Amen, what a great thread. I really really strongly feel that all this focus on acetylcholine and acetylcholine esterase inhibitors is quite dangerous.

Paradox nr. 1: Phosphatidylcholine is all good, but that does not apply to acetylcholine

I believe that most people are better off by making sure they get enough phosphatidylcholine as a brain building block. Same with DHA and uridine. So, eating things like soy, lecithin and eggs is just ggreat. This will allow for the structure of the brain to be rebuilt. Which is valuable. But then to kjump ship and make the stretch conclusion that the more acetylcholine as a neurotransmitter the better, well that is just nuts. To some extent, the neurotransmitter game is a zero sum one. You increase one and the others go down. Why would we want to lower dopamine and serotonin for example?

Paradox 2: Acetylcholine is way overhyped

People want to feel better. Then they fall into all these acetylcholine boosters and esterase inhibtors. I know I did. Luckily, I came across alpha GPC fairly early on and it gave me the nastiest deepest depression and really bad nause quite fast. I was really confused. Wasn't acetylcholine supposed to be the greatest thing around? This made me pay attention. I quickly found out that while I can take carnitine tartrate in vast amounts with no ill effects, acetyl carnitine fairly easily gives me bad anxiety. Not really deep depression but just bad anxiety. It too boosts acetylcholine as a neurotransmitter. Imagine the irony if indeed, as the above extracts suggest, acetylcholine esterase is what slows down alzheimers? So all this folks may be inducing quicker alzheimers. Have fun.

Paradox 3. People don't need better memory or more intelligence, they need more drive and better mood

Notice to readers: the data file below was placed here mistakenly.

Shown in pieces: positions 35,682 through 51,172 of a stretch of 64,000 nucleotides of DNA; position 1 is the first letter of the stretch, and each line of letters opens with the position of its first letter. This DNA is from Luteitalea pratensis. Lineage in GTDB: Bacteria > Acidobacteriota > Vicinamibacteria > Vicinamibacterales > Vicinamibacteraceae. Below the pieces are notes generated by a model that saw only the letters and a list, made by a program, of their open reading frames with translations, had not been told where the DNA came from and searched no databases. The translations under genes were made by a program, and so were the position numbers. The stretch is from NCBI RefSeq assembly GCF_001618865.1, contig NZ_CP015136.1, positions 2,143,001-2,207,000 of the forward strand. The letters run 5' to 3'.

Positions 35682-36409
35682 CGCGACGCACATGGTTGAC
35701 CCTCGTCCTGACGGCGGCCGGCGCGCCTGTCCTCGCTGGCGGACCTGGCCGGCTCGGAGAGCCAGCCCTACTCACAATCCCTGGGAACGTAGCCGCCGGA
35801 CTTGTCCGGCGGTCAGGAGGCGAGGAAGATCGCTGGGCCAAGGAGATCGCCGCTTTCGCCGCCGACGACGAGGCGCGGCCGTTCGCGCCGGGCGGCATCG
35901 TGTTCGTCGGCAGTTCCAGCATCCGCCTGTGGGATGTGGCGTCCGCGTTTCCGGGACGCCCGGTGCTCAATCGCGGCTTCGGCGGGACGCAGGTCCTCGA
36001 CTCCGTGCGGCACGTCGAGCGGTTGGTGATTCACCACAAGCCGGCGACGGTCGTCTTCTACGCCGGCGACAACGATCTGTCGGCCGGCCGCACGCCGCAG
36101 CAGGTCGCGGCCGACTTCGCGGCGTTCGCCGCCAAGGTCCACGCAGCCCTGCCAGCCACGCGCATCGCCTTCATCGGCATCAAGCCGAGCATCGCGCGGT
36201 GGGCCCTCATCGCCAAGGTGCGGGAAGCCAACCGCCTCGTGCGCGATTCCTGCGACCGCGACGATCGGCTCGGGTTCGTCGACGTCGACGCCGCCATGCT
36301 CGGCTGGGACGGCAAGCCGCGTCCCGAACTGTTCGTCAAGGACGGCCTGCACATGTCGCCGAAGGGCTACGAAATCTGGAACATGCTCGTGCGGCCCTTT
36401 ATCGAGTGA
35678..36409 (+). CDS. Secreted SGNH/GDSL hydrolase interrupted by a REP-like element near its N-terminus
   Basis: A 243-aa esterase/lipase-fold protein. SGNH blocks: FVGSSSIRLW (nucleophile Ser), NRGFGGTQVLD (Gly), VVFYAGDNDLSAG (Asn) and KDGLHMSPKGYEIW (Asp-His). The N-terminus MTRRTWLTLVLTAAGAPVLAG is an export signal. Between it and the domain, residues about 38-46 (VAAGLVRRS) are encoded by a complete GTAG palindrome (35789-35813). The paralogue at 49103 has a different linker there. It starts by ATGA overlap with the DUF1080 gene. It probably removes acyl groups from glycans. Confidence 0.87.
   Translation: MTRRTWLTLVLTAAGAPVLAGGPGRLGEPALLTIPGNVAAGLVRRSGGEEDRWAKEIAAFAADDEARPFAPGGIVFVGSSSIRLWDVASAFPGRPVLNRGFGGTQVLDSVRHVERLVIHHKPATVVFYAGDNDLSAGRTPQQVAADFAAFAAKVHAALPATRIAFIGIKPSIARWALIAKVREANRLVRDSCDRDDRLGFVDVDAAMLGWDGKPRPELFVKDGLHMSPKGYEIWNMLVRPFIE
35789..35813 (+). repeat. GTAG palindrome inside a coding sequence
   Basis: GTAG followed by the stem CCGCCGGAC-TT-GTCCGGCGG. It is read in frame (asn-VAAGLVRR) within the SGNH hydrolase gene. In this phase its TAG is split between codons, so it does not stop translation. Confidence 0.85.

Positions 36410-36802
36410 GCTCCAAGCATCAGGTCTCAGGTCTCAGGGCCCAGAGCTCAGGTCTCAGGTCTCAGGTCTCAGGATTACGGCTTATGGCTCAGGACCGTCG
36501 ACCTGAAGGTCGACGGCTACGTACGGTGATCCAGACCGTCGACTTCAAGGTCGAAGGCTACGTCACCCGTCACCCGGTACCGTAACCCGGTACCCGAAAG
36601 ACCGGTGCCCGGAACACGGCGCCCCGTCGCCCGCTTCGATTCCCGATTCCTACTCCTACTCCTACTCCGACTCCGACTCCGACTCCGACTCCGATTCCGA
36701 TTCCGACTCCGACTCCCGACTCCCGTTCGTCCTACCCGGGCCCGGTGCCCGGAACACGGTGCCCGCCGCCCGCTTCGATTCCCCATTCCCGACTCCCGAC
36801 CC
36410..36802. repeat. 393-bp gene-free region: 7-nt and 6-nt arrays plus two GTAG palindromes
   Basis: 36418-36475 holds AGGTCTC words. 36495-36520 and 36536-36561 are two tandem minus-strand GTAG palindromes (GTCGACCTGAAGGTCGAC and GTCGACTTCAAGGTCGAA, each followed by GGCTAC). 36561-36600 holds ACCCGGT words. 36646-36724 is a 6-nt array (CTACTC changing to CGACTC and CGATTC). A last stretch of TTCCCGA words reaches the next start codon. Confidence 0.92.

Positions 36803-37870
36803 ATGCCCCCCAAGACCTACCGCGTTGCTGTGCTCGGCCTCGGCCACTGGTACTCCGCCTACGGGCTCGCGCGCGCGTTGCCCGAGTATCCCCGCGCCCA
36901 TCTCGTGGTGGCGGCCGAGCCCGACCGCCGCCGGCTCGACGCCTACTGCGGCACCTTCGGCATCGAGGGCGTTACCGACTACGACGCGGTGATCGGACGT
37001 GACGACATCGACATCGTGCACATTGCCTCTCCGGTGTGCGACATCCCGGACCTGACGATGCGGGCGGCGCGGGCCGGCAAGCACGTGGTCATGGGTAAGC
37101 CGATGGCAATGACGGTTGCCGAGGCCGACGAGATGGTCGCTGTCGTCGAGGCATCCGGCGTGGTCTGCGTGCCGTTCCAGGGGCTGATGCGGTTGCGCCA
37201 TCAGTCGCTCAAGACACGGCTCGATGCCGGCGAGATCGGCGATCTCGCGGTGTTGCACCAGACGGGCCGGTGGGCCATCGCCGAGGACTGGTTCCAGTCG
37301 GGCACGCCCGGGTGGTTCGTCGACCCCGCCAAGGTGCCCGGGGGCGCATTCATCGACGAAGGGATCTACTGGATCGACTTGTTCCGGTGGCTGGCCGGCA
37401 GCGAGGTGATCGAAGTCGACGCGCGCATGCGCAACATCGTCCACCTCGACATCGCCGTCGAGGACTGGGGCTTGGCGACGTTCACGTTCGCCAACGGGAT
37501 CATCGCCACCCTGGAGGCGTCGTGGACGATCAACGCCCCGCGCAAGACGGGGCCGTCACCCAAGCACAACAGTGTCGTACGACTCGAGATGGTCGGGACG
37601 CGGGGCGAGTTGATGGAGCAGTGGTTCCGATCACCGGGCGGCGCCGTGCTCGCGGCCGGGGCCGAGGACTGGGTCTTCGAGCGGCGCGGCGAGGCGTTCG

I am a classical example of a person who is, if anything, too smart. It is easier to be happy and driven, if you are dumb. Just to give you an idea, I was a top5 student in a fairly large nation in high school. I really really do not need to get smarter. But lord knows I could use more drive, less anxiety and more happiness. Boosting acetylcholine and inhibiting its esterase is not the way to go to achieve. Quite the opposite. I have recently found out that DMAE actually gives me more drive, maybe exactly because it acts as a false acetylcholine precursors and reduces its amount. I love it. I have also noticed that CDP choline is OK. It really is lightyears away from alpha GPC choline. Converts to uridine and stuff. And is a breakdown product of acetylcholine, only gets recycled back if needed. Let's face it, most of us on this forum are too smart to begin with. That's the problem, i.e. acetylcholine dominance. Maybe the racetams help some of us as they deplete aceylcholine? Would make sense. Most of us would likely benefit far more from uridine, sulbutiamine, CDP choline, tyrosine, N-acetyltyrosine, inositol and forskolin. All of these boost dopamine or sensitive its receptors or increase their amounts. I believe that us on this forum are very often either acetylcholine dominant to begin with making our dopaminergic systems subpoptimal OR have messed up our dopaminergic systems by porn, alcohol, caffeine, drugs or maybe by excess focus on acetylcholine boosters and esterase inhibitors. Wake up folks.